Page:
The conference is sponsored by the U-M Forum on Health Policy, a unit of the Program in Society and Medicine, with financial support from the Blue Cross/Blue Shield Foundation of Michigan, the Medical and Law Schools, schools of Nursing and Social Work, College of Arts, Science and Letters at U-M-Dearborn, College of Pharmacy, Michigan Nurses Association and the Michigan State Medical Society.
Women's Golf Club season opens April 7
The University Women's Golf Club will open its season at the U-M Golf Course at 8 a.m. Tues. (April 7). Weather permitting, a scramble will be played following refreshments and a business meeting.
Members play nine and 18 holes Tuesday mornings April-October. The Club also holds special events and spring and fall tournaments.
Women staff, faculty, alumnae and students, as well as wives of faculty, staff, alumni and students are eligible for membership. For information, contact Membership Chairwoman, Kathy Cooley, 995-0290.
You can keep your jury duty and witness pay
The University's Standard Practice Guide (SPG) on Jury and Witness Pay has been modified. The SPG allows regular professional/administrative, office, technical, service maintenance, primary and instructional staff to be excused from work without loss of regular compensation when performing jury duty or testifying at the order of a court. The policy no longer requires that an employee's regular compensation be reduced by fees or other payments from the court. Employees will now retain court fees. Payroll will no longer deduct the court fees and compensation from employees' pay. The administrative burden and cost of collecting jury fees and deducting wages justified the policy change. The previous policy had been in place since 1978.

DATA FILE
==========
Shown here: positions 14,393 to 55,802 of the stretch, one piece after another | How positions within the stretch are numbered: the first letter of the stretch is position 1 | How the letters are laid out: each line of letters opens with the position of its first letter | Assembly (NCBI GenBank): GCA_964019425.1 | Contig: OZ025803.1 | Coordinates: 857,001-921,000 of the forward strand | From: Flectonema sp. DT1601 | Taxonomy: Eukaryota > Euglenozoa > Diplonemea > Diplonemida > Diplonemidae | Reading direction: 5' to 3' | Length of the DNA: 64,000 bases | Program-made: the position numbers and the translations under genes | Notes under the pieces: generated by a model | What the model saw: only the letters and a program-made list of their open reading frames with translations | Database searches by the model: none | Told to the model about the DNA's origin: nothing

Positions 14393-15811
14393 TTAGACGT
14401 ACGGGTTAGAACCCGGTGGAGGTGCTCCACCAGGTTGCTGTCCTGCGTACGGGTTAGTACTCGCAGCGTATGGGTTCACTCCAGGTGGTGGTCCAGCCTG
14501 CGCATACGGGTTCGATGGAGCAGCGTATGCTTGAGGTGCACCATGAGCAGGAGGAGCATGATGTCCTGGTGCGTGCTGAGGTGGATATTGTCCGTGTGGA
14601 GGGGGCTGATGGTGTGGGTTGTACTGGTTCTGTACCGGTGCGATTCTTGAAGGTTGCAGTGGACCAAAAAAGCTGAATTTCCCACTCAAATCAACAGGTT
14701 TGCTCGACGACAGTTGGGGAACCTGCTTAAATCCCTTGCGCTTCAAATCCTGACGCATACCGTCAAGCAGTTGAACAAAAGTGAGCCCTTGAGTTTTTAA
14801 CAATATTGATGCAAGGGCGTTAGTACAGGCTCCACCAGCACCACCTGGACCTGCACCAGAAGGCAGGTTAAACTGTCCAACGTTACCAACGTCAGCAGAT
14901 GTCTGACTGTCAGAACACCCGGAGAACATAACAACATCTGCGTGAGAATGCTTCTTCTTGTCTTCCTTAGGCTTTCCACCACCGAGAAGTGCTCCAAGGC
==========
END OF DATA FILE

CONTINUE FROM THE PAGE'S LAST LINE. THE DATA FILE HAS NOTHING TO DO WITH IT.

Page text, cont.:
The change is effective immediately. For more details, call the Employee Relations Office, 763-2387.
Antigone on stage this week and next
Sophocles' powerful Greek tragedy Antigone will close the Department of Theatre and Drama's 1997-98 season with performances at 8 p.m. April 2-4 and April 9-11, and 2 p.m. April 5 and April 12 in Trueblood Theatre, Frieze Building.
The production will feature Prof. Glenda Dickerson making her U-M directorial debut with a daring move: The classic tale will take place in Kenya in the 1930s. "The choice of setting appealed to me," Dickerson says, "because that period offers a fertile soil to tell a tale about a women, a princess and a nation in conflict."
Tickets are $14, $7 for students with ID, and may be purchased 10 a.m.-6 p.m. at the Michigan League Ticket Office and at the Trueblood Box Office one hour prior to curtain on performance days.
Binda lecture is April 3
Charles Menefee III will present the 1998 Guido A. Binda Lecture of the College of Architecture and Urban Planning at noon Fri. (April 3) in the Lecture Hall, Art & Architecture Bldg., discussing "Constructed Intention."
Menefee is an associate professor of architecture at the University of Virginia and part of Clark & Menefee. Though the firm's body of work is small, designing one building a year, it has received two first prizes in national design competitions and three national honor awards from the American Institute of Architects. Most of the firm's projects are modest in scale and demeanor and usually located near its office.
Menefee is interested in the juncture of building and landscape and the construction of intention. His buildings are designed to become part of the landscape.
An exhibition of Clark & Menefee projects will be on display in the College Gallery April 3-25.
The Guido A. Binda Exhibit and Lecture Series was established in 1997 to bring special exhibits and lecturers to campus for the benefit of students, faculty and the public. Alumnus Binda maintained an architectural practice in western Michigan specializing in the design of public school buildings.
'Maize and Blue on Ice' is April 4